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Teas v. Suliene

United States District Court, W.D. Wisconsin

May 29, 2019

WILLIAM TEAS, Plaintiff,



         Pro se plaintiff William Teas is proceeding in this case on claims that several defendants at the Columbia Correctional Institution violated his rights under the Eighth Amendment, the Americans with Disabilities Act and the Rehabilitation Act. The case was stayed for more than a year while the court attempted to find counsel for plaintiff, but the court was unable to find a lawyer willing and able to take the case. In September 2018, plaintiff notified the court that he would proceed with the case without counsel, rather than dismiss it without prejudice. Dkt. #66. In October 2018, a new schedule was set for the case. Defendants have filed a motion for summary judgment, dkt. #75, and the court recently granted plaintiff's motion to extend the deadline of his response brief to June 14, 2019.

         Now plaintiff has filed a motion for assistance in recruiting counsel and for an immediate injunction, dkt. #72, a motion to compel discovery and for sanctions, dkt. #88, and a motion to stay summary judgment pending a decision on the motion to compel, dkt. #94. For the reasons below, I am denying plaintiff's motions for assistance in recruiting counsel, for an injunction, for sanctions and to stay the case. However, I will grant his motion to compel.


         A. Motion for Assistance in Recruiting Counsel and for Injunctive Relief

         Plaintiff asks that the court recruit counsel for him “for all of the previous reasons” and because the inmate who has been assisting him, Jeffrey Davis, cannot afford to help him with discovery. However, as I explained to plaintiff previously, the court attempted to recruit counsel for plaintiff for more than a year and was unable to find anyone willing to accept the case. Therefore, although I am sympathetic to plaintiff's request and his need for assistance, his renewed request for court assistance in recruiting counsel will be denied.

         It appears from the record that inmate Davis has been assisting plaintiff in conducting discovery despite Davis's financial limitations. If Davis can no longer assist plaintiff, plaintiff should review the pretrial conference order, dkt. #70, which explains how to conduct discovery and how to respond to the summary judgment motion filed by defendants. Plaintiff should review that order and, if he is confused about how to obtain evidence, he should write a letter to defendants' counsel explaining which documents or other evidence he wants to obtain. If he is still confused after conferring with defendants' counsel, he should write to the court to ask for help.

         In deciding defendants' motion for summary judgment, the court will apply the appropriate law to the facts, even if plaintiff cannot provide the law on his own or does not understand how the law applies to his facts.

         Plaintiff also asks for information on how to request immediate injunctive relief. He says that there are currently no doctors at Columbia Correctional Institution and that he is not receiving any care for his back pain. To prevail on a motion for a preliminary injunction, plaintiff must show: (1) a likelihood of success on the merits of his case; (2) a lack of an adequate remedy at law; and (3) an irreparable harm that will result if the injunction is not granted. Lambert v. Buss, 498 F.3d 446, 451 (7th Cir. 2007). Plaintiff is correct that there are procedures that he must follow to request immediate injunctive relief. A copy of the court's procedure for obtaining preliminary injunctive relief will be provided to plaintiff with this order. Under the court's procedures, plaintiff must file and serve proposed findings of fact that support his claims, along with any evidence that supports those proposed findings. If plaintiff files a motion complying with these procedures, I will consider his request for injunctive relief.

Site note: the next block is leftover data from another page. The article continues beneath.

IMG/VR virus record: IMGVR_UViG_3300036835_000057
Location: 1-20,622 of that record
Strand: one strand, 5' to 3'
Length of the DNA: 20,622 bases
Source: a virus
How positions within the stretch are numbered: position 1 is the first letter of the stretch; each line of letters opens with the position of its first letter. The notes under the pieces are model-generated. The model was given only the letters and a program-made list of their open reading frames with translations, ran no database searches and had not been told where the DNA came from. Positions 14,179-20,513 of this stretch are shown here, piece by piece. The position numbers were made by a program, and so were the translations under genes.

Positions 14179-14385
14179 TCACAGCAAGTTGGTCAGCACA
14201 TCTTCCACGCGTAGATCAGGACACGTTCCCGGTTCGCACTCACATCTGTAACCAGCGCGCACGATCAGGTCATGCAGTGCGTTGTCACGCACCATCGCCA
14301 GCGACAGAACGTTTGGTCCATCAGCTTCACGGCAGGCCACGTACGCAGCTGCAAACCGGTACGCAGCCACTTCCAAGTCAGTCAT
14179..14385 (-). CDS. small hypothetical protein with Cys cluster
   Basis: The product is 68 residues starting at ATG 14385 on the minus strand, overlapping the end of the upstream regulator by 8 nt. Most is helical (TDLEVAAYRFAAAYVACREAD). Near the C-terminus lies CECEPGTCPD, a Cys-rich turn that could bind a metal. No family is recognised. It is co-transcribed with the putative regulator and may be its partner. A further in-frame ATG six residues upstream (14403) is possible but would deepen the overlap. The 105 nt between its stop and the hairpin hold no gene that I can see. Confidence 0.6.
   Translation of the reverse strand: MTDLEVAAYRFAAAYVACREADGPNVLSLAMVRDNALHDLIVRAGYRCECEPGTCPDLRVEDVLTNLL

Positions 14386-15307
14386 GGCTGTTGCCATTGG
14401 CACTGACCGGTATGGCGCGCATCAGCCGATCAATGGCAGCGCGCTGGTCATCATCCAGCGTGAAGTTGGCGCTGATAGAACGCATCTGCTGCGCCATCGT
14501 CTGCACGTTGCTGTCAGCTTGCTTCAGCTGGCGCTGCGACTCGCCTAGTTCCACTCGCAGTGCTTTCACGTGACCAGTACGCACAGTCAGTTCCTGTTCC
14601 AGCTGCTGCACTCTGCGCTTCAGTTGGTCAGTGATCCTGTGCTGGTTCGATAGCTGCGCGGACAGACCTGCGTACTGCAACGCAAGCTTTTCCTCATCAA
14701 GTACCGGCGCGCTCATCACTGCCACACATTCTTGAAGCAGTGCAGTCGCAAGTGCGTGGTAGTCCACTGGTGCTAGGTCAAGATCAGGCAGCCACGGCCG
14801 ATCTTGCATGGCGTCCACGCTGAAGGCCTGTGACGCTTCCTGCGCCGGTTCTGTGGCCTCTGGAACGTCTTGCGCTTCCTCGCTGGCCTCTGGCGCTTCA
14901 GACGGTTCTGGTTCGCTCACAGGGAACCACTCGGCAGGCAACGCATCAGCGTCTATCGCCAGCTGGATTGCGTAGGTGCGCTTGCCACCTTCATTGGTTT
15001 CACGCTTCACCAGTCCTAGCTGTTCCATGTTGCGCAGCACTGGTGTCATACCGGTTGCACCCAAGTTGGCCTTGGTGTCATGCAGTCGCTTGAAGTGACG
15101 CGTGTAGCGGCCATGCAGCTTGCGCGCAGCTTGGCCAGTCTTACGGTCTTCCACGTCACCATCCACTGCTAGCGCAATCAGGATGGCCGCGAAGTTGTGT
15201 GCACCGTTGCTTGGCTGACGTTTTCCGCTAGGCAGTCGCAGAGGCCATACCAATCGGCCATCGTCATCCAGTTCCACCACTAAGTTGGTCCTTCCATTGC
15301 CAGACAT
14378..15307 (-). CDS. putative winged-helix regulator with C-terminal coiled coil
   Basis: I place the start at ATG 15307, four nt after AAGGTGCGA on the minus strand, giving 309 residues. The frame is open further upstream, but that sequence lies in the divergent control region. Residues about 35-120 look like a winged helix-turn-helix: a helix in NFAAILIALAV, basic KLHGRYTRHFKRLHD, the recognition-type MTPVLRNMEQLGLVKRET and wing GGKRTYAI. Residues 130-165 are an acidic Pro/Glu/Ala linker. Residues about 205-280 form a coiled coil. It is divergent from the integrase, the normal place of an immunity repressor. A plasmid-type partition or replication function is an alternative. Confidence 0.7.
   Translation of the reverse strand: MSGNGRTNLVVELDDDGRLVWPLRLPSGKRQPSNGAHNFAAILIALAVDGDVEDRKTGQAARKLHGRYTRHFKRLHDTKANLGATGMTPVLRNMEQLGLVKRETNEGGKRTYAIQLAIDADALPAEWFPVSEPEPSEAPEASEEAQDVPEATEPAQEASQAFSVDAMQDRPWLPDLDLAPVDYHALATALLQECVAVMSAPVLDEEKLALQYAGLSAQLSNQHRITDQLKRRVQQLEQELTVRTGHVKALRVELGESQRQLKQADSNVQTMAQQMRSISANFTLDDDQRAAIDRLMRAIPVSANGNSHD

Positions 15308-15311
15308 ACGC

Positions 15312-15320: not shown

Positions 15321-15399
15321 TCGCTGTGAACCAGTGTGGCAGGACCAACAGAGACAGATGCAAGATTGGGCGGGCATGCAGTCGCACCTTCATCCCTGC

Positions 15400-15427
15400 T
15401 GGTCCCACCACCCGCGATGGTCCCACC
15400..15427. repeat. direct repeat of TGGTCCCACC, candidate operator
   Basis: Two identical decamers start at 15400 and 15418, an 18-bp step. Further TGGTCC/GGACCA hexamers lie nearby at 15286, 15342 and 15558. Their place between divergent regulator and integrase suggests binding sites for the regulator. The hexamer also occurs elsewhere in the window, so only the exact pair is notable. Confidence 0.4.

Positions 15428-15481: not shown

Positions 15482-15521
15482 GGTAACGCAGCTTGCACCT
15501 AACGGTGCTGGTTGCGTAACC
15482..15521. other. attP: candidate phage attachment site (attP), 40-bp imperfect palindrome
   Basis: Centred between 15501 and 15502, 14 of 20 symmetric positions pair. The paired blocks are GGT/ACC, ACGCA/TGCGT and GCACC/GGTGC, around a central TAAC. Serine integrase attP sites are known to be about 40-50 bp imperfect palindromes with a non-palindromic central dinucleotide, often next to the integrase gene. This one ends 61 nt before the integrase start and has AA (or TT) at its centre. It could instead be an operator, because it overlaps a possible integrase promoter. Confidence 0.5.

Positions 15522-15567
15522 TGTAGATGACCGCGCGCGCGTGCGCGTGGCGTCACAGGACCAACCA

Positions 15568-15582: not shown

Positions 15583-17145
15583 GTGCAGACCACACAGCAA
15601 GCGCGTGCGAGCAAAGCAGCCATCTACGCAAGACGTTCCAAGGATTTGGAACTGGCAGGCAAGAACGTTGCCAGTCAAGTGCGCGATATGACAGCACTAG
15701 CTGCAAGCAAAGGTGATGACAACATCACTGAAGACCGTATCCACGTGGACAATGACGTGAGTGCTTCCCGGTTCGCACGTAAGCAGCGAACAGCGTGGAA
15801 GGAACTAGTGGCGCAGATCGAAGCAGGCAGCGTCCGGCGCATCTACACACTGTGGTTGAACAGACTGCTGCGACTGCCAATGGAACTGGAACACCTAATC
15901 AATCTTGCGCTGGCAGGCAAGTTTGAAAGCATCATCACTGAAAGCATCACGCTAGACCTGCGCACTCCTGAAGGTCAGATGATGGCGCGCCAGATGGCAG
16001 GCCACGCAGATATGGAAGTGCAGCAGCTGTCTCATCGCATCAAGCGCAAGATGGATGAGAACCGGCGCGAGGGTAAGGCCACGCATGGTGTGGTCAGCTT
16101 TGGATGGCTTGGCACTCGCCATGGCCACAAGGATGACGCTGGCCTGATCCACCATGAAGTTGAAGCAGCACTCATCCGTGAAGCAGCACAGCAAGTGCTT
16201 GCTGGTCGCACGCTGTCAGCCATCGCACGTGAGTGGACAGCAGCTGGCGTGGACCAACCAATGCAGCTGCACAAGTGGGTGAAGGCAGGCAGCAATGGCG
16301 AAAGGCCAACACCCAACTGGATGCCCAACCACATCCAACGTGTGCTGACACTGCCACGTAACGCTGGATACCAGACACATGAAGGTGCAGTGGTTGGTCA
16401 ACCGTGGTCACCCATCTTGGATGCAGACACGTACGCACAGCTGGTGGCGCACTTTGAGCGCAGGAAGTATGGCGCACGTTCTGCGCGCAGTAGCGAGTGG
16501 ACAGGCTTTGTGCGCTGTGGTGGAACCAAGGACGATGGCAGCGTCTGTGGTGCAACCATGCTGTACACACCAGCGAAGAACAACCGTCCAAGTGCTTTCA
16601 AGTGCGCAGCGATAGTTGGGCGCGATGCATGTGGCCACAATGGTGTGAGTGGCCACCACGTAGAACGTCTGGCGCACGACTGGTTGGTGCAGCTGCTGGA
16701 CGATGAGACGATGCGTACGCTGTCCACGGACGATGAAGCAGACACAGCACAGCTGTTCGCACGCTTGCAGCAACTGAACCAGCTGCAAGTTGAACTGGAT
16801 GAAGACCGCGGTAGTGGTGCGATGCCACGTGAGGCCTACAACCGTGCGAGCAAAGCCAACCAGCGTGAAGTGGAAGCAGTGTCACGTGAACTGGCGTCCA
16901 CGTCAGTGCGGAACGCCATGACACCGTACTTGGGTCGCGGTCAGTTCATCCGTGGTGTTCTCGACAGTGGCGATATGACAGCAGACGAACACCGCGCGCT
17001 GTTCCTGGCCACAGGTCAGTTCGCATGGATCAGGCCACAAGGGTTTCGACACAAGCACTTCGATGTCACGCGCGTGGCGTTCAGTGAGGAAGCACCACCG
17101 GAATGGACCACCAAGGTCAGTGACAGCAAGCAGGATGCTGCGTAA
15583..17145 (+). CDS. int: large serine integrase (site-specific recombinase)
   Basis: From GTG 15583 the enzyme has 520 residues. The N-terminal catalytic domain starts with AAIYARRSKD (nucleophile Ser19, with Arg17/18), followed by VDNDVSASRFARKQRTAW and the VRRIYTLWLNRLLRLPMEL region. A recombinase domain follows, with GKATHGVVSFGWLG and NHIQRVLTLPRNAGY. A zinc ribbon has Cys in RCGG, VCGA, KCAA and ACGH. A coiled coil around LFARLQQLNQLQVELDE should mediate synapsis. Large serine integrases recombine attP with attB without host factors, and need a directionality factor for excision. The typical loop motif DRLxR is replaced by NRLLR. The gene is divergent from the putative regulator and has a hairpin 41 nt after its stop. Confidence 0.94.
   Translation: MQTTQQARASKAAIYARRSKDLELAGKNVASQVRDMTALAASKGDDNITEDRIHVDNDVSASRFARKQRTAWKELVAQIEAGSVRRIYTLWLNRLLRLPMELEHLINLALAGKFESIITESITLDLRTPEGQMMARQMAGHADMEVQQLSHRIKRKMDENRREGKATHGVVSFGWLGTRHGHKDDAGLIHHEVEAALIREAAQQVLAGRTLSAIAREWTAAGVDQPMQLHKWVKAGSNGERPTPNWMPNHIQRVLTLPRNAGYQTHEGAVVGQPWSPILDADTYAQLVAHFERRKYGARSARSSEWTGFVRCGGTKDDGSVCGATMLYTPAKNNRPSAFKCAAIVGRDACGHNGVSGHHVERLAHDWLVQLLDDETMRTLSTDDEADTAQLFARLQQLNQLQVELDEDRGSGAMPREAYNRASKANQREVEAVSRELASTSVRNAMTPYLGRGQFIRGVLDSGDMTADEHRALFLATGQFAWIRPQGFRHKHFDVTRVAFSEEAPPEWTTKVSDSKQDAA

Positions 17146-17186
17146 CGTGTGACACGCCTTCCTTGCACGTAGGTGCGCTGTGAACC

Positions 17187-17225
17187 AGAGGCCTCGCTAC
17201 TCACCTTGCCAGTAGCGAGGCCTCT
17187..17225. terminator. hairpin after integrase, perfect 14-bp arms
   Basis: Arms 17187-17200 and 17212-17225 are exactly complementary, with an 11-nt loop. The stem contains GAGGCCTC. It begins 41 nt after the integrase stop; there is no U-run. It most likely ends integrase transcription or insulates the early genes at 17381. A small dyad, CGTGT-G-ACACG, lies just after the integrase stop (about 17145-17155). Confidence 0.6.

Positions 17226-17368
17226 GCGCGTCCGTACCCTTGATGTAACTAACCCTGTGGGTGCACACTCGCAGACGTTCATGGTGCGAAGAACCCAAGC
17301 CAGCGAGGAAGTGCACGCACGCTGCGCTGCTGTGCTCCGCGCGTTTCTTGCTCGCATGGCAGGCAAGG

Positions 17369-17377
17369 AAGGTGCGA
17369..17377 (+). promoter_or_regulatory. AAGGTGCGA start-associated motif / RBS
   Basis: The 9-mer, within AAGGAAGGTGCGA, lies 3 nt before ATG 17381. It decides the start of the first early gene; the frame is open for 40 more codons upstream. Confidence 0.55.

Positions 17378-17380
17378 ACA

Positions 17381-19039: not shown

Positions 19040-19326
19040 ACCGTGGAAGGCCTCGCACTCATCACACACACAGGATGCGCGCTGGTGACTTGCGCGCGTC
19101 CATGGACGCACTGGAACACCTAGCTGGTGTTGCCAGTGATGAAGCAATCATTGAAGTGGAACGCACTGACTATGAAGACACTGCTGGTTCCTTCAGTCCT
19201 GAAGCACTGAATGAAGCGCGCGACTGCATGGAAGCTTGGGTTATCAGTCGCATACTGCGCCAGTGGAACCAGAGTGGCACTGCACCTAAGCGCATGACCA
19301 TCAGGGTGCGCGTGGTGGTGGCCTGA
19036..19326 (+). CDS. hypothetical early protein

B. Motion to Compel and for Sanctions and Motion to Stay

         Plaintiff contends that defendant Dalia Suliene provided a false and incomplete response to an interrogatory that asked her to

[D]escribe any and all expert testimony you have provided in the last ten (10) years, state whether or not you were compensated for it, and in what case the testimony was used or being provided for, regarding your medical expertise.

         Suliene responded to this interrogatory by stating, “none.” Plaintiff contends that Suliene's response is false because she was disclosed as an expert and provided expert testimony in several prisoner cases, including Towns v. Dittman, et al., 17-cv-912-bbc; Wagner v. Suliene, 12-cv-376-bbc; and McGhee v. Suliene, 13-cv-67-bbc. Defendants oppose the motion on the grounds that (1) plaintiff did not certify that he attempted to confer with defendants and resolve the discovery issue before filing his motion, and (2) Suliene has never been a retained expert in any case.

         I agree with plaintiff that Suliene's response is inaccurate. Plaintiff's interrogatory asks about all the cases in which Suliene provided expert testimony. The question is not limited to cases for which Suliene was retained as an expert. “Expert” testimony is any testimony that is based on scientific, technical or other specialized knowledge within the scope of Federal Rule of Evidence 702. A review of Suliene's declarations from Towns and Wagner confirms that Suliene provided opinions that relied on her scientific and specialized knowledge in those cases. Additionally, although plaintiff did not certify that he conferred with defendants before filing his motion, he has since explained that he attempted multiple times to confer with ...

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